Please refer to the official installation instructions for more information: https://www.postgresql.org/download/linux/ubuntu/
On Ubuntu 18.04 LTS, we can install using the following command:
After installation, change the password for the postgres user and the listen address:
Feel free to change this to another password, just make sure the password in the .env file is matching.
Make sure Postgres is starting up at boot:
Create a database:
Enable local access:
Nginx is a web server and will be used as a reverse proxy in front of Accurate Video to expose it on the external EC2 IP. Here you can see instructions on how to install it based on your Linux distribution: https://www.nginx.com/resources/wiki/start/topics/tutorials/install/
Note that nginx installs per default on port 80, and may conflict with any current running web servers. Make sure that the port is available before proceeding with the installation.
Copy nginx config
The cloned Git repository contains a pre-made nginx configuration to work in front of Accurate Video. You’ll need to copy this file into the nginx sites directory as follows:
Note that this path is the default one for the Nginx version used in Ubuntu 18.04 LTS, and may differ depending on your exact distro and version.
Restart nginx to make the changes take effect.
Start Accurate Video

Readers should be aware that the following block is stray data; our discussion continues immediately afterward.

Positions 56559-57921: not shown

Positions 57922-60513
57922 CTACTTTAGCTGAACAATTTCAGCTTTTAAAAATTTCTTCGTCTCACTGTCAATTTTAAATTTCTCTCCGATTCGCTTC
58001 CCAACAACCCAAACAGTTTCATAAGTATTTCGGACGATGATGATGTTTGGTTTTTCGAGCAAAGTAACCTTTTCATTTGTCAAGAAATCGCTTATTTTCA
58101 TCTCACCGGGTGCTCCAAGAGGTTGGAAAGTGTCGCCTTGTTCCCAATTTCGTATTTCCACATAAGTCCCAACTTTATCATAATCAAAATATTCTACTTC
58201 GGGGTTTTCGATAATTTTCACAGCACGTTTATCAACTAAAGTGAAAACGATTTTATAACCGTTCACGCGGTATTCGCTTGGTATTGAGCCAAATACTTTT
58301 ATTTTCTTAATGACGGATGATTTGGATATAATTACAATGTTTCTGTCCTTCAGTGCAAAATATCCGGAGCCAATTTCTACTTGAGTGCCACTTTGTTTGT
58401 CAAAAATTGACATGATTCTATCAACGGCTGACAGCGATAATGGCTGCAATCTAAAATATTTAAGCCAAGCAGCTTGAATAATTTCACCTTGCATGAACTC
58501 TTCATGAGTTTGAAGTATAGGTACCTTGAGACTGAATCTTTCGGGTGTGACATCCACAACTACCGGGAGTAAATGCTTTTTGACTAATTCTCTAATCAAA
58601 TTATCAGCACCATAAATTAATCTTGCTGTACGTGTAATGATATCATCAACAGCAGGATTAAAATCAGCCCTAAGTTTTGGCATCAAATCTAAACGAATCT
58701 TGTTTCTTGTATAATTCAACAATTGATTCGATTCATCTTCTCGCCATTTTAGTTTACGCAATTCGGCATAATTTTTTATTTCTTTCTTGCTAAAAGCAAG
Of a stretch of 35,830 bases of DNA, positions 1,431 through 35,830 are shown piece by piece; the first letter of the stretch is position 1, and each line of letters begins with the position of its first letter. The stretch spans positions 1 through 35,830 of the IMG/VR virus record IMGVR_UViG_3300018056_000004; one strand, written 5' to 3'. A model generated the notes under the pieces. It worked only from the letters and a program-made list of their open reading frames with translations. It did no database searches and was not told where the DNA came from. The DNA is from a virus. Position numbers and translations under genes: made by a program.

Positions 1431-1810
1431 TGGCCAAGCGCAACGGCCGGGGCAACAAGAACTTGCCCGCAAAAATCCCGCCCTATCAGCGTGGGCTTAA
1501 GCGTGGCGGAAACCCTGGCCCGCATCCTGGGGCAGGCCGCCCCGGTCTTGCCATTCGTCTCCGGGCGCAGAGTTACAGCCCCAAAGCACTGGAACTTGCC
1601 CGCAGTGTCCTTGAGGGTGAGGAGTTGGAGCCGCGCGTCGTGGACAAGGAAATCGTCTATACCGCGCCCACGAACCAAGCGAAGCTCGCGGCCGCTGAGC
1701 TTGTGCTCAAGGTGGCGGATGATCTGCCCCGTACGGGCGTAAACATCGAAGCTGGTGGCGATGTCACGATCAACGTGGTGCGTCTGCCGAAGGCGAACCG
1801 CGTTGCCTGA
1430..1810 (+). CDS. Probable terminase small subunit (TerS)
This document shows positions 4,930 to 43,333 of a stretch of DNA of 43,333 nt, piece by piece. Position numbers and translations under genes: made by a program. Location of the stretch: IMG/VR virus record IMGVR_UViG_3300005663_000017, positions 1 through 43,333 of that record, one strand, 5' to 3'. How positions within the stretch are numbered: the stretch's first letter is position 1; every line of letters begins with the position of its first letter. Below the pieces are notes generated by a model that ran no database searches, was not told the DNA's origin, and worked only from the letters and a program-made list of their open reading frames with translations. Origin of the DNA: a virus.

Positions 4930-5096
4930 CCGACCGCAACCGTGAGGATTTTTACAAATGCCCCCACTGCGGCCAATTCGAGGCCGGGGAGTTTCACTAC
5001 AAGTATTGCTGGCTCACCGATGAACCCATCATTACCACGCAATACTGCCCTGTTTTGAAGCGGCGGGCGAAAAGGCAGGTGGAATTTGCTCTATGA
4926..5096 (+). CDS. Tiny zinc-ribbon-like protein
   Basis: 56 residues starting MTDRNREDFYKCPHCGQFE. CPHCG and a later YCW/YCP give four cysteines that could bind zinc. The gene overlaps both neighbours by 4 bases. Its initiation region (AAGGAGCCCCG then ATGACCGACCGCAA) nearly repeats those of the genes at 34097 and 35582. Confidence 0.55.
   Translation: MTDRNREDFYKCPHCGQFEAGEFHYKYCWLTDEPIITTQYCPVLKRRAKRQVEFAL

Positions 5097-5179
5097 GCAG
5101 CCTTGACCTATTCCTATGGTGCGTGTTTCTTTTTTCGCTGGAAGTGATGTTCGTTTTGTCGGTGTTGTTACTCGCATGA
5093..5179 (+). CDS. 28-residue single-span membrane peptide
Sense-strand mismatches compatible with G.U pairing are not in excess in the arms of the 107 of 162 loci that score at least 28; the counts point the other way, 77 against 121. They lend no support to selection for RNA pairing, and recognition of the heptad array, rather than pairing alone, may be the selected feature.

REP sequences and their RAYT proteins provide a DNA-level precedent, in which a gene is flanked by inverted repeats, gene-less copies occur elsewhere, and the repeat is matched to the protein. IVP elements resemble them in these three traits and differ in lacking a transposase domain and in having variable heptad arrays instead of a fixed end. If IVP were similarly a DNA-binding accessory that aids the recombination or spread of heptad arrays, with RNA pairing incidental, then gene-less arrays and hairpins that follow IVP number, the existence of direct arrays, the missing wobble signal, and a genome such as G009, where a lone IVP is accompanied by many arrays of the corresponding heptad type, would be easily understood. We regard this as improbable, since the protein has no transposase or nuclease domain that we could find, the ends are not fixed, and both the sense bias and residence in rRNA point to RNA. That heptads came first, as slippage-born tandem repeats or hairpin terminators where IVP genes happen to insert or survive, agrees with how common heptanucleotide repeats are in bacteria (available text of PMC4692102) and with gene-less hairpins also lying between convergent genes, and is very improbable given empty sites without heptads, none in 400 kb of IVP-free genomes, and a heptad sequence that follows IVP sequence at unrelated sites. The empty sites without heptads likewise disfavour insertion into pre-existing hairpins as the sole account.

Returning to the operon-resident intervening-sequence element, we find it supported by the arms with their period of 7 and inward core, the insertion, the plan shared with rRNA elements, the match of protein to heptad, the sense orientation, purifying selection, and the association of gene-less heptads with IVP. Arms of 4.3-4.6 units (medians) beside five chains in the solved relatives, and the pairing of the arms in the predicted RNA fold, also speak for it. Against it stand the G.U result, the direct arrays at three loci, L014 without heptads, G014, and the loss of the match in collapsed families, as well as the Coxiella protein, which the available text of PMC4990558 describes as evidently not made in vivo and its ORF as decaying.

It’s time to start up Accurate Video! Start the backend and frontend services by using Docker Compose, this command will launch all required containers in the background:
You should now be able to access the system on the IP of the machine if you’ve done everything correctly. Opening the IP in a browser should give you access to Accurate Video.
This section goes through a few ways to troubleshoot, in case there are issues with the configuration.
A good way to start is to check on the running Docker containers, using the command docker ps. It should look like the following:
The exact ports may differ depending on your setup.
To access the logs of the backend service, run docker logs ap-backend. Here you may see important stack traces which may give insight into what’s wrong.
In the case of a misconfigured nginx, you may be able to see the errors in the nginx access and/or error log.